7 December 2012:
NSA Tempest Control Plan: http://cryptome.org/dodi/nsa-tempest-control.pdf
10 May 2012:
NSA TEMPEST History: http://cryptome.org/2012/05/nsa-tempest-history.pdf
22 June 2011:
6 April 2003: Add
5 March 2002: Two security papers announced today on optical Tempest risks:
For emissions security, HIJACK, NONSTOP and TEAPOT, see also Ross Anderson's Security Engineering, Chapter 15.
HIJACK, NONSTOP, and TEAPOT Vulnerabilities
A STU-III is a highly sophisticated digital device; however, they suffer from a particular nasty vulnerability to strong RF signals that if not properly addressed can cause the accidental disclosure of classified information, and recovery of the keys by an eavesdropper. While the unit itself is well shielded, the power line feeding the unit may not have a clean ground (thus negating the shielding).
If the encryption equipment is located within six to ten wavelengths of a radio transmitter (such as a cellular telephone, beeper, or two way radio) the RF signal can mix with the signals inside the STU and carry information to an eavesdropper. This six to ten wavelengths is referred to as the "near field" or the wave front where the magnetic field of the signal is stronger then the electrical field.
The best way to deal with this is to never have a cellular telephone or pager on your person when using a STU, or within a radius of at least thirty feet (in any direction) from an operational STU (even with a good ground). If the STU is being used in a SCIF or secure facility a cell phone is supposed to be an excluded item, but it is simply amazing how many government people (who know better) forget to turn off their phone before entering controlled areas and thus cause classified materials to be compromised.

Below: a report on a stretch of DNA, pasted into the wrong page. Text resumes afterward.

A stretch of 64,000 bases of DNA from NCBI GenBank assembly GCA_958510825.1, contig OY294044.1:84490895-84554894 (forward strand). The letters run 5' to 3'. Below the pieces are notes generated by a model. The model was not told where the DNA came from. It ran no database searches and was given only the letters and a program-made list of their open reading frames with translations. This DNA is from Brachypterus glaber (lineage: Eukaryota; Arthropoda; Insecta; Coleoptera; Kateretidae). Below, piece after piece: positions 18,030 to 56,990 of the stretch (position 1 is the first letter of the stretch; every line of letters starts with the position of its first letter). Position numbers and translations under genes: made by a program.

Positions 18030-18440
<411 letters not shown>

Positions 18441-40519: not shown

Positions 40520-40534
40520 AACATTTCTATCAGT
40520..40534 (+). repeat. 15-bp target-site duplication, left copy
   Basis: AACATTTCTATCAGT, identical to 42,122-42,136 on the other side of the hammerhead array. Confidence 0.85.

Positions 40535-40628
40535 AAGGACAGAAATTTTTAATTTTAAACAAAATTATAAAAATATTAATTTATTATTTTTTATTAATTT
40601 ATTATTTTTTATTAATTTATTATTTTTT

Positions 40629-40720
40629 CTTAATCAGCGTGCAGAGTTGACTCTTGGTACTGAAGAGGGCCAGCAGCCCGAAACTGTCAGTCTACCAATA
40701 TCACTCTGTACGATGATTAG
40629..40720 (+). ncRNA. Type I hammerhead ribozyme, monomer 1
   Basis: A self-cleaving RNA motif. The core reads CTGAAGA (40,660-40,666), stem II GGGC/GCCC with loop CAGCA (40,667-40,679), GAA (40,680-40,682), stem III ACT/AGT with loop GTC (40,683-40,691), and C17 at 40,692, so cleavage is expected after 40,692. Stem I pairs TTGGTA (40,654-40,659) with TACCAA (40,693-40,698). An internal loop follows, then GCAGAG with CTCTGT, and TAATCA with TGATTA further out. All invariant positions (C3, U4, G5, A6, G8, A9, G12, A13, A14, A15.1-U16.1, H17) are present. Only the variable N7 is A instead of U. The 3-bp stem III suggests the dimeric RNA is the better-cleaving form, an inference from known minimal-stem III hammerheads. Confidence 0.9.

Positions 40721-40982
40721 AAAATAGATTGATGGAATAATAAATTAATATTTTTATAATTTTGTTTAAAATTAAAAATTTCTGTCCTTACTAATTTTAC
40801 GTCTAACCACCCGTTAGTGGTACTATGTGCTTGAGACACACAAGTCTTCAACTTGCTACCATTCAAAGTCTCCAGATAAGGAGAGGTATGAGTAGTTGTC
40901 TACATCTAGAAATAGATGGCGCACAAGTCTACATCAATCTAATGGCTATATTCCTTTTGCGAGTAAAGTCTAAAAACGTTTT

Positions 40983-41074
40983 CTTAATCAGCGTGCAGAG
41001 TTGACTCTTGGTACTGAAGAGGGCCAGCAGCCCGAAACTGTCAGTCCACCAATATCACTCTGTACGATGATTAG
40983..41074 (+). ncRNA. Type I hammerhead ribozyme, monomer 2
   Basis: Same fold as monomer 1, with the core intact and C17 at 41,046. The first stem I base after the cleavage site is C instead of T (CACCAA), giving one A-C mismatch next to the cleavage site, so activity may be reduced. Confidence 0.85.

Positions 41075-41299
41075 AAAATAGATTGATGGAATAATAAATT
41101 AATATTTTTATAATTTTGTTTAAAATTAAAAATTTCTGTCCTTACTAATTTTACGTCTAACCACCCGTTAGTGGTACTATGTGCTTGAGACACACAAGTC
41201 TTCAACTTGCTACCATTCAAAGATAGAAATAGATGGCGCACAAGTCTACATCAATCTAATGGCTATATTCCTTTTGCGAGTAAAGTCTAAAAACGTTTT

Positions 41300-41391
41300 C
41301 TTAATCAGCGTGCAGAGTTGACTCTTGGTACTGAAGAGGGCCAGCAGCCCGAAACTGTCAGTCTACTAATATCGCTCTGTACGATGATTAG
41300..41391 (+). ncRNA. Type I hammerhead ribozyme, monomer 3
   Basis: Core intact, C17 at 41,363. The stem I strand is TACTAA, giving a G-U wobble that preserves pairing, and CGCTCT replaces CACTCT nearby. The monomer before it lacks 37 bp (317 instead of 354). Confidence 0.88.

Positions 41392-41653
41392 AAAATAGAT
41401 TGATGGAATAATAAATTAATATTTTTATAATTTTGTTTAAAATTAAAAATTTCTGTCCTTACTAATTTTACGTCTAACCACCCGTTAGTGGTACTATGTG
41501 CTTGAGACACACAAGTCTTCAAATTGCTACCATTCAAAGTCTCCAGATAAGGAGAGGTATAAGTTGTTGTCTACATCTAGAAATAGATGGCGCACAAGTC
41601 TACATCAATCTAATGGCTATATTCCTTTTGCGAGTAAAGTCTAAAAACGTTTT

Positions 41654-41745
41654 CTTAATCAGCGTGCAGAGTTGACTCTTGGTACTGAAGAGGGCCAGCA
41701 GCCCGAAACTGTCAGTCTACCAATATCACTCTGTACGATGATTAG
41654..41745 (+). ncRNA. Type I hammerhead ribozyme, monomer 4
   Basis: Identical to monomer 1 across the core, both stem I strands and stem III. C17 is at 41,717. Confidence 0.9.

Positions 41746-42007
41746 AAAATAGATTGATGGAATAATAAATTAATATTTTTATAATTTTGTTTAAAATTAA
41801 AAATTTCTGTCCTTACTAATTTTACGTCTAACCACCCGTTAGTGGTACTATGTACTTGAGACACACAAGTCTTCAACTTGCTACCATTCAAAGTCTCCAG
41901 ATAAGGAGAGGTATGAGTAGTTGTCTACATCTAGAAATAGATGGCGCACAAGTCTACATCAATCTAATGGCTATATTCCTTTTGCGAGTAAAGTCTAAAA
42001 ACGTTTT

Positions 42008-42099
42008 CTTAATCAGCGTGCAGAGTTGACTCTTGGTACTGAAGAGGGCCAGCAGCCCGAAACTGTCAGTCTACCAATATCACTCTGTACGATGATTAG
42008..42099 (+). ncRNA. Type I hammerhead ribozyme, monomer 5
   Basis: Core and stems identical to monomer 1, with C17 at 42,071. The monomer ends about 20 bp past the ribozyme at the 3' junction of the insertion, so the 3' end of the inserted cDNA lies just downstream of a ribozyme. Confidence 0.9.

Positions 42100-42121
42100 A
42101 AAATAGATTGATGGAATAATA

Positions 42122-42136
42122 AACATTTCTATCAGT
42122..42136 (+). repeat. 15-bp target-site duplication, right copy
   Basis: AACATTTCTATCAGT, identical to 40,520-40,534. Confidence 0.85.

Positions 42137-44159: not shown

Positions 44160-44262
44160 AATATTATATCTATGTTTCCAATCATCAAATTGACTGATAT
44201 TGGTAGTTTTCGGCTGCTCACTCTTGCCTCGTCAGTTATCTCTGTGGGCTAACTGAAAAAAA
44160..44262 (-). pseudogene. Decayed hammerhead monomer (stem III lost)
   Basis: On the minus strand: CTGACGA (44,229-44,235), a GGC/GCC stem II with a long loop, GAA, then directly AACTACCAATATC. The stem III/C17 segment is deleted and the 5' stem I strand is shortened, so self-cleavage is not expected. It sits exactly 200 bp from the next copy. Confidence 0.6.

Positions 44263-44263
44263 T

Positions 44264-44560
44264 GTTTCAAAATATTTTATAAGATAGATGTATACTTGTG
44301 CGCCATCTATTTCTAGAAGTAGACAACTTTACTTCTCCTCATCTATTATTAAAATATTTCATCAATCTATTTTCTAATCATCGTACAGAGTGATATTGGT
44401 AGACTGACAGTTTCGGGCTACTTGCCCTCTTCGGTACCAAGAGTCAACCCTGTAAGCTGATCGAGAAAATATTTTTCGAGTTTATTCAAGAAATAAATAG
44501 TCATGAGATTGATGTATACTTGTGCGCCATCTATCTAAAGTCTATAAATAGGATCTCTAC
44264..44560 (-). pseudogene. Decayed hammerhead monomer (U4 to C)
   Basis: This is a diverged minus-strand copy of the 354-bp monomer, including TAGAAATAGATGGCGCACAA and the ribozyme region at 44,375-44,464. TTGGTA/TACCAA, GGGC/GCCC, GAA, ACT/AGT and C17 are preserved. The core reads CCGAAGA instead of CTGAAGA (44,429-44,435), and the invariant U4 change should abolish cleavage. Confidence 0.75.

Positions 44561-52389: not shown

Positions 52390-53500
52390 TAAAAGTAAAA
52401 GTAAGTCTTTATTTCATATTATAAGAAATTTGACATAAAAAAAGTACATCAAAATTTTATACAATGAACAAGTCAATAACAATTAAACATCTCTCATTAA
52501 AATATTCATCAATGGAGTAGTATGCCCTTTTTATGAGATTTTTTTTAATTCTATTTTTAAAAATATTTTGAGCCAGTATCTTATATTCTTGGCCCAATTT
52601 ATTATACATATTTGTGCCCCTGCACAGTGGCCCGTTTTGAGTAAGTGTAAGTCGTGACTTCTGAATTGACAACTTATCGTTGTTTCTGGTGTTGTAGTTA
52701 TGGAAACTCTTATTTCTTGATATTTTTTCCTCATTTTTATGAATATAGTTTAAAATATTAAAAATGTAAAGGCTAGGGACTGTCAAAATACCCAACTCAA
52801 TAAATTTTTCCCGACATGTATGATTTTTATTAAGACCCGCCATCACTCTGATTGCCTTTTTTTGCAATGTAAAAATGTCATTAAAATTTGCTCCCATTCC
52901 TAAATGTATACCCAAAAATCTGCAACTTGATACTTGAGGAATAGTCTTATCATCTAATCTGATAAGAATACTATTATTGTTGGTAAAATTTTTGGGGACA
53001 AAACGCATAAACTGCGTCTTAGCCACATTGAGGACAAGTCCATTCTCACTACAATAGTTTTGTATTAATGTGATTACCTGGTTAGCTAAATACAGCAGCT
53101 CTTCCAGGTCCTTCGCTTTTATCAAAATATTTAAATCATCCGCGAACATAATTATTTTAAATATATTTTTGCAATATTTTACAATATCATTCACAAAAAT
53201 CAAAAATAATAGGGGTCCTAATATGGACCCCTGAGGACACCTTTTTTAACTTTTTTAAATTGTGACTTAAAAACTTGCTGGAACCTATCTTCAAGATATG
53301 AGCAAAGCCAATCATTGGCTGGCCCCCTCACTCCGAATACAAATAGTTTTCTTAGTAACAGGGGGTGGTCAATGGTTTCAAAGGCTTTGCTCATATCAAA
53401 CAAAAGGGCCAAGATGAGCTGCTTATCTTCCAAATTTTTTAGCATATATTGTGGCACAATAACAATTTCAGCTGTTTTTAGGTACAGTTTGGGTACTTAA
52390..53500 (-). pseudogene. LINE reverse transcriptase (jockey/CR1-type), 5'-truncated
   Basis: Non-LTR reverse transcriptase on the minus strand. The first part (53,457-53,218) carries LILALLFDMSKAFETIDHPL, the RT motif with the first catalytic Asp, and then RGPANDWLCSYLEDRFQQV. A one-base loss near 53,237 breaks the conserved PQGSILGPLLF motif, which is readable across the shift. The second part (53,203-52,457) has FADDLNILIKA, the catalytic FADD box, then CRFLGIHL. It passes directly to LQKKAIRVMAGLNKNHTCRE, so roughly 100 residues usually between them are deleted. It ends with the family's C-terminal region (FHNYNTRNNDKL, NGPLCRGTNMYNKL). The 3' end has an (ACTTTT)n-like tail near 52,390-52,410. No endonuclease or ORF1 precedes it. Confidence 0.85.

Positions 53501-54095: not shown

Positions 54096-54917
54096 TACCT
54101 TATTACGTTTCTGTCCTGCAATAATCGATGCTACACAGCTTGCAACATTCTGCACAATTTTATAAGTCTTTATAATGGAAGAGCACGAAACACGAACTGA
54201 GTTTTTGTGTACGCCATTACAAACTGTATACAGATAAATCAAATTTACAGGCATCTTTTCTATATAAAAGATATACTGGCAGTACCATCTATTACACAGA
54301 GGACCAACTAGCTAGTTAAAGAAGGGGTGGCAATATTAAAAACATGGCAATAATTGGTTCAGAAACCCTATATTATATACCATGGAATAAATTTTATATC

Spook Hint: If you have a powered up NEXTEL on your belt and you walk within 12 feet of a STU-III in secure mode you have just compromised the classified key.
Files at Cryptome.org: tempest-time.htm TEMPEST Timeline tempest-old.htm TEMPEST History NSA Documents Obtained by FOIA nacsem-5112.htm NACSEM 5112 NONSTOP Evaluation Techniques nstissi-7000.htm NSTISSI No. 7000 TEMPEST Countermeasures for Facilities nacsim-5000.htm NACSIM 5000 Tempest Fundamentals nacsim-5000.zip NACSIM 5000 Tempest Fundamentals (Zipped 570K) nsa-94-106.htm NSA No. 94-106 Specification for Shielded Enclosures tempest-2-95.htm NSTISSAM TEMPEST/2-95 Red/Black Installation Guidance nt1-92-1-5.htm NSTISSAM TEMPEST 1/92 - TOC and Sections 1-5 nt1-92-6-12.htm NSTISSAM TEMPEST 1/92 - Sections 6-12 nstissam1-92a.htm NSTISSAM TEMPEST 1/92 - Appendix A (TEMPEST Overview) nt1-92-B-M.htm NSTISSAM TEMPEST 1/92 - Appendixes B-M nt1-92-dist.htm NSTISSAM TEMPEST 1/92 - Distribution List nsa-reg90-6.htm NSA/CSS Reg. 90-6, Technical Security Program nsa-foia-app2.htm NSA Letter Releasing TEMPEST Documents nsa-foia-app.htm NSA FOIA Appeal for TEMPEST Information nsa-foia-req.htm NSA FOIA Request for TEMPEST Documents Other TEMPEST Documents nsa-etpp.htm NSA Endorsed TEMPEST Products Program nsa-ettsp.htm NSA Endorsed TEMPEST Test Services Procedures nsa-zep.htm NSA Zoned Equipment Program nstissam1-00.htm Maintenance and Disposition of TEMPEST Equipment (2000) nstissi-7000.htm TEMPEST Countermeasures for Facilities (1993) tempest-fr.htm French TEMPEST Documentation (2000) af-hb202d.htm US Air Force EI Tempest Installation Handbook (1999) afssi-7010.htm US Air Force Emission Security Assessments (1998) afssm-7011.htm US Air Force Emission Security Countermeasure Reviews (1998) qd-tempest.htm Quick and Dirty TEMPEST Experiment (1998) mil-hdbk-1195.htm Radio Frequency Shielded Enclsoures (1988) emp.htm US Army Electromagnetic Pulse (EMP) and TEMPEST Protection for Facilities (1990) zzz1002.htm National TEMPEST School Courses (1998) navch16.htm Chapter 16 of US Navy's Automated Information Systems Security Guidelines tempest-cpu.htm Controlled CPU TEMPEST emanations (1999) tempest-door.htm TEMPEST Door (1998) bema-se.htm Portable Radio Frequency Shielded Enclosures (1998) datasec.htm Data Security by Architectural Design, George R. Wilson (1995) rs232.pdf The Threat of Information Theft by Reception of Electromagnetic Radiation from RS-232 Cables, Peter Smulders (1990) tempest-law.htm Laws On TEMPEST, Christopher Seline (1989) tempest-leak.htm The Tempest Over Leaking Computers, Harold Highland (1988) bits.pdf Electromagnetic Eavesdropping Machines for bits.htm Christmas?, Wim Van Eck (1988) nsa-vaneck.htm NSA, Van Eck, Banks TEMPEST (1985) emr.pdf Electromagnetic Radiation from Video Display Units: